Toby, every moment of your life has been about the unexpected. From your conception to your talent to your true self that lay hidden for many years, nothing has been as we had thought, planned, dreamt. Because we are human and we are limited in our ability to dream that big, that bold, that astonishing. Your trunk grew as your sisters' - strong, solid, nourished by parents who loved you unconditionally. Your branches began to grow like Culley's, at the hands of bullies, though yours were not only peers, but adults as well. You stood them all, letting their branches wither in the shadow of your integrity, self esteem, determination, maturity. The past few years, more ivy, this of depression, anxiety, inner turmoil, and pain were cast off by the strong branches of certainty, inner truth, clarity, and pride in who you are.
Everything we had planned, you had planned, branched off. Leaving behind soccer, stepping away from college, forging a path through a forest of darkness, you grew upward, stronger, your trunk unshakable, your face ever closer to the sun. What I thought was also a mighty oak has revealed itself to be a giant redwood. And my own branches are fuller and stronger for being allowed the privilege of growing alongside you.
Finally, Kendall, I saved you for last because your crossroads are here, your struggle is so present, your potential new branches fighting hard against the ivy that wishes to contain them, keep you growing like a palm tree. I get it. It is self imposed pruning born of a fierce need to control your path. For years in my young life I intentionally cut off my own branches, intent on thwarting life. I can tell you now, what remains in those spaces are lost opportunities, untapped resources, adventures that were never allowed to unfurl. And regret.
Pruning is control. Whether we do it to a literal tree or bush, or to ourselves, pruning forces a shape, a destination, a plan. But real life is not found in the discarded branches. It is found in the leaves, buds, thorns, and blossoms. It is also found in the fear.
The decision you face now is not deadly, but it may retard growth. It is a branch full of potential, an off ramp you did not plan, and only you can decide its fate. I would love to be your personal gardener, but that time is past. You hold the shears, the choices are all yours. I can only support you. And I do, fully, always, without question. Your determination, goal setting, planning, achieving have been humbling. Your entire family stands in awe of you and what you have already accomplished in your young life. Sheer will, determination, hard work, gumption, single mindedness - all bearing the amazing fruits of accomplishment. I have long seen your desire to be a palm tree, and I understand the inner push to control, grow one direction, and reach a goal without interruption.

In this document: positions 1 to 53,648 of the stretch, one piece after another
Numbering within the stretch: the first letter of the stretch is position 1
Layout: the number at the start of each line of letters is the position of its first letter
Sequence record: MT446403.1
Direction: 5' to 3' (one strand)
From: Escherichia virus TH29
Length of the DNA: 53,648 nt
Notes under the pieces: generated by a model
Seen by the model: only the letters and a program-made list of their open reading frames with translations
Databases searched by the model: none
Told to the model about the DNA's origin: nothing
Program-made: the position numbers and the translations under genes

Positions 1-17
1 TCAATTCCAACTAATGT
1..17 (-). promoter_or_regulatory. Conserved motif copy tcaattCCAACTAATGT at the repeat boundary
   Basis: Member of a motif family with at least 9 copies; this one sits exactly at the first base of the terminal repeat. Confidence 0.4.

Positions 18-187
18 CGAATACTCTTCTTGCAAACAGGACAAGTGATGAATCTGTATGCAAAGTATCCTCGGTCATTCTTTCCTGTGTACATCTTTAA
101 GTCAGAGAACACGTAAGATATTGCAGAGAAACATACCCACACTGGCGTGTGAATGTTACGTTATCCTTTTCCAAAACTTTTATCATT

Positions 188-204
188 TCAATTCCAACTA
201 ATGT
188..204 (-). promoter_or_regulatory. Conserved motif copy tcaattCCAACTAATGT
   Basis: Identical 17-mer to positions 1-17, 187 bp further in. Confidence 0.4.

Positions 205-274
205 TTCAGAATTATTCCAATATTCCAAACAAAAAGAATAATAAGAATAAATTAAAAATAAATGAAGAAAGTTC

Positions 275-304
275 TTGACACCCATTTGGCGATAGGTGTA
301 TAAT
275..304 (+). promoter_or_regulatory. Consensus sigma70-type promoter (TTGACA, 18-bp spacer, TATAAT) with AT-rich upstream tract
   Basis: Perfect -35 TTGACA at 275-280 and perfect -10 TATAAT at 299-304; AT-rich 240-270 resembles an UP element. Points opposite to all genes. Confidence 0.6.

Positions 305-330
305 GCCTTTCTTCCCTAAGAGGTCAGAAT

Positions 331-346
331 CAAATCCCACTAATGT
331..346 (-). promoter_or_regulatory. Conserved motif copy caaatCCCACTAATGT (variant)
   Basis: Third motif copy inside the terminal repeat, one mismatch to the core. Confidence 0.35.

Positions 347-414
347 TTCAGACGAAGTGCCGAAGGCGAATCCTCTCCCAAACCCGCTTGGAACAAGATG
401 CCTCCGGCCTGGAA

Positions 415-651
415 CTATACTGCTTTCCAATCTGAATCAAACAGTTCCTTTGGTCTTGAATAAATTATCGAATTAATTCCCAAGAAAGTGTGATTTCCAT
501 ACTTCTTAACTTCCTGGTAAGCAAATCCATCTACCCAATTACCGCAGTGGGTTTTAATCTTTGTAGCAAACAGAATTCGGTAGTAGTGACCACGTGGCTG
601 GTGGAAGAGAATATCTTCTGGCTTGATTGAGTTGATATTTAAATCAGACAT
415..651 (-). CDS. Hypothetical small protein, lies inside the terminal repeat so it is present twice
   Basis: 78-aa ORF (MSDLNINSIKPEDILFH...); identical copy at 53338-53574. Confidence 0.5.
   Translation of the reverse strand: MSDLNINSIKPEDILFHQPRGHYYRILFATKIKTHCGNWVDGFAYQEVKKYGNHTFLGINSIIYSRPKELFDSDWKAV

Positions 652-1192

I used to be single minded like that. Hell, there are days I still struggle against what is most organic in me. Against every impulse, every Type A inclination in my DNA, I have been forced to grow branches I wanted no part of at the time.
But I can tell you now, this many years and tree rings later, I am better for the branches, for the struggles, for the pain. My own tree is one full of unexpected experiences, unwanted detours, adventures, lessons learned, people met, chances taken. It is everything I want for you. With this decision, whatever it may be, a branch will grow. Life will out, and life will move you on. Whatever your choice, I ask only that you fully embrace it, free of regret, second guessing, what ifs, and fear.
I have raised you all to understand that "screaming at a wall will never move the wall." That sometimes the only path is to go around the wall, take the forced detour. I live in a place now where I see actual trees living that truth - trees as tall as palms, yet with unexpected branches along their paths upward, literal curves in their trunks as they accommodated what life threw, or grew, at them. In them, I see you, Kendall. They are Aspens. They grow, they see, they adapt, they move upward and onward, and they ultimately tower and bloom. They do get where they are intent on going.
As you each continue your growth, my breath remains held for your happiness, your health, your well being, your successes. And my heart wishes you the firm knowledge, born from the experiences of unexpected lessons, that your lives are not palm trees. Let them grow where they may, seek the sun through the shadows, and branch as fully and freely as they can.
I know this has been sappy, but I hope you grasp the roots of my meaning. (As if you thought you'd actually get out of this without a few bad puns.)
Waiting to exhale,